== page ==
Shelach: A Path to Follow

The portion “Shelach” [“Send out”] — Bamidbar/Numbers 13:1 – 15:41 — contains the famous story of the spies sent out to scout the land of Israel and the aftermath, resulting in most Israelites doomed to death in the desert. It also includes the passage about wearing of fringes [tzitzit] (Bamidbar/Numbers 15:38), well-known as the final portion of the Shema reading in most prayerbooks.
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“Thus they pass, the Psalms”

Yehuda Amichai’s poem, “One I Wrote Now and in Other Days: Thus Glory Passes, Thus Pass the Psalms,” includes — not surprisingly — much language that comes directly from or alludes to the Psalms. For the stanza which begins “Thus glory passes. Thus they pass, the psalms,” the following references might be helpful. (See Temple Micah’s webpage for Hebrew and English text citations and more information.)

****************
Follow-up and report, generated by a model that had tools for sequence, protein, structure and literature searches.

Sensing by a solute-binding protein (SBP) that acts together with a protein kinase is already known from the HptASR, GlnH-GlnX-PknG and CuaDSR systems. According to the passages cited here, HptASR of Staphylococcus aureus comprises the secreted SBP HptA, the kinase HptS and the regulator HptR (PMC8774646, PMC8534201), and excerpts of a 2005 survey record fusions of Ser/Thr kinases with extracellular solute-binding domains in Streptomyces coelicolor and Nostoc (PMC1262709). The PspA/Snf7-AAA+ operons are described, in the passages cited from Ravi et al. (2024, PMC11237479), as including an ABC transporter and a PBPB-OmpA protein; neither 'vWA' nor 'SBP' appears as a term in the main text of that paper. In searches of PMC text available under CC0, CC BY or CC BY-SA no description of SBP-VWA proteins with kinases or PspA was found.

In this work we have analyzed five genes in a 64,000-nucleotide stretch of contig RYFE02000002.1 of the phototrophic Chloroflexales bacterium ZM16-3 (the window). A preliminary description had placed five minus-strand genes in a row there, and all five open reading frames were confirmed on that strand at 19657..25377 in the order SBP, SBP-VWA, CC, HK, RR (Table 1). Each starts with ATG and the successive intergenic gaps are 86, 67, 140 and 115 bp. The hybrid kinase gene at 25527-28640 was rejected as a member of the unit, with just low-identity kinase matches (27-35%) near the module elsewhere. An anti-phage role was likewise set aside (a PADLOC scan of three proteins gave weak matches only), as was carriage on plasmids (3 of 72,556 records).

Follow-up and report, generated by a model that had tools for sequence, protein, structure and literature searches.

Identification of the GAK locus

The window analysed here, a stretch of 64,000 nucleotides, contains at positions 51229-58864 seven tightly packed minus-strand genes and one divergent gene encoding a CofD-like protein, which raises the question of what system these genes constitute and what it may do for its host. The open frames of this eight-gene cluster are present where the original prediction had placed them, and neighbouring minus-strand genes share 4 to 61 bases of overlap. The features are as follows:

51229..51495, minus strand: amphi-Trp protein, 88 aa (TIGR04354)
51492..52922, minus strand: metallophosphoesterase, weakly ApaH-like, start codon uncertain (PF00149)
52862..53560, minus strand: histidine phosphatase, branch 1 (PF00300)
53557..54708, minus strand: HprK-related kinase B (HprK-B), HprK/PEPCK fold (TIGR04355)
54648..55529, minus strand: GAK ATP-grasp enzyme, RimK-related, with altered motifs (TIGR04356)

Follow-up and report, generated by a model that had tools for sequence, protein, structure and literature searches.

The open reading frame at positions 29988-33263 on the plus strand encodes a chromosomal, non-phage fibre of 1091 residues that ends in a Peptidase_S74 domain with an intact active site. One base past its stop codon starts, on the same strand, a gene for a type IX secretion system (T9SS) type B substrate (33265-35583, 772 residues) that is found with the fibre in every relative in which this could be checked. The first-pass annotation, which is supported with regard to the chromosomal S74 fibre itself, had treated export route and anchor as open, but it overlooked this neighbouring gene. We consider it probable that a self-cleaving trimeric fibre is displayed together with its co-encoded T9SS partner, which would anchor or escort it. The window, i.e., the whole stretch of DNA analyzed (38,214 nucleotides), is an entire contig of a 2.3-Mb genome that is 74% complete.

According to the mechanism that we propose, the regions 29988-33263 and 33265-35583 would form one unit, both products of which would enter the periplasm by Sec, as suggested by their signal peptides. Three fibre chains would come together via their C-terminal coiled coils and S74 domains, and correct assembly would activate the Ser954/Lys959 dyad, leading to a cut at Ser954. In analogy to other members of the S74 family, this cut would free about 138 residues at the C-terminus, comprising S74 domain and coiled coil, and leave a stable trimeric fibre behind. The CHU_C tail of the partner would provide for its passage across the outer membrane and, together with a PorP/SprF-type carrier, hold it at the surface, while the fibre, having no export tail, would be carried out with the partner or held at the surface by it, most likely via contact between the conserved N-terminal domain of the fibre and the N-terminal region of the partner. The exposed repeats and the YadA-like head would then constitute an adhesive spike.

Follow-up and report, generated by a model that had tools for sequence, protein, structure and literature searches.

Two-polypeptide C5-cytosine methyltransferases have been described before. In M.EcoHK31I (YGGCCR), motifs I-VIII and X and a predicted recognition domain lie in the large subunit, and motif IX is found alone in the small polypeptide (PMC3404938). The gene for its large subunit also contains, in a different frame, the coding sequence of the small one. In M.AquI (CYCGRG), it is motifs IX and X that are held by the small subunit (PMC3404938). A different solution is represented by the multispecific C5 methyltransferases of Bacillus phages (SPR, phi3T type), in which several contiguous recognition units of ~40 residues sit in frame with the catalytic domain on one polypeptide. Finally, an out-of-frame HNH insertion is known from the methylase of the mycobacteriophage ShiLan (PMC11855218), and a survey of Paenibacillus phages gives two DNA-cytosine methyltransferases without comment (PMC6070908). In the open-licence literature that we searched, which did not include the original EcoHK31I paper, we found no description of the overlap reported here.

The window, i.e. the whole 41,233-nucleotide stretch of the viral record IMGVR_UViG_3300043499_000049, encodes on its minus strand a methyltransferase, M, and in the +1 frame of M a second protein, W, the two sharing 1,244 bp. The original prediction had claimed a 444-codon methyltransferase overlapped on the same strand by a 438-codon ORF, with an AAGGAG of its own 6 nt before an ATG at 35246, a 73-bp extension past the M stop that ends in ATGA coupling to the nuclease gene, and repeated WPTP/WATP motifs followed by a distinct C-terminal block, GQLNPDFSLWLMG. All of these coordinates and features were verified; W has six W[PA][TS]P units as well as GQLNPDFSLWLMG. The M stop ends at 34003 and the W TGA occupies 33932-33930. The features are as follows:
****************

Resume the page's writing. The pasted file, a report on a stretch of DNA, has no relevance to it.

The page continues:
Ashrei ha-ish — happy is the man — Psalm 1:1
[only such reference, I think: other references I found are to a happy “adam,” rather than an “ish“]
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(Re)counting: Amichai’s Perfect Rest

Temple Micah’s Hebrew Poetry group (aka Amichai Study group) is currently reading “Once I wrote Now and in Other Days: Thus Glory Passes, Thus Pass the Psalms” from the book Open Closed Open. (Visit Temple Micah’s webpage for links to the text, the group and more.) This past Shabbat, we read the stanza beginning “I want to live till even the words in my mouth are nothing but vowels and consonants…” (#7 in the English; #8 in the Hebrew), and I found the connections to Psalm 19 striking.
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Behaalotekha: Language and Translation

Bamidbar/Numbers 12:6 is often translated as something like “when a prophet of the Lord arises among you…” However, both Robert Alter and Everett Fox note in their translations — see Source Materials — that the Hebrew here is difficult.
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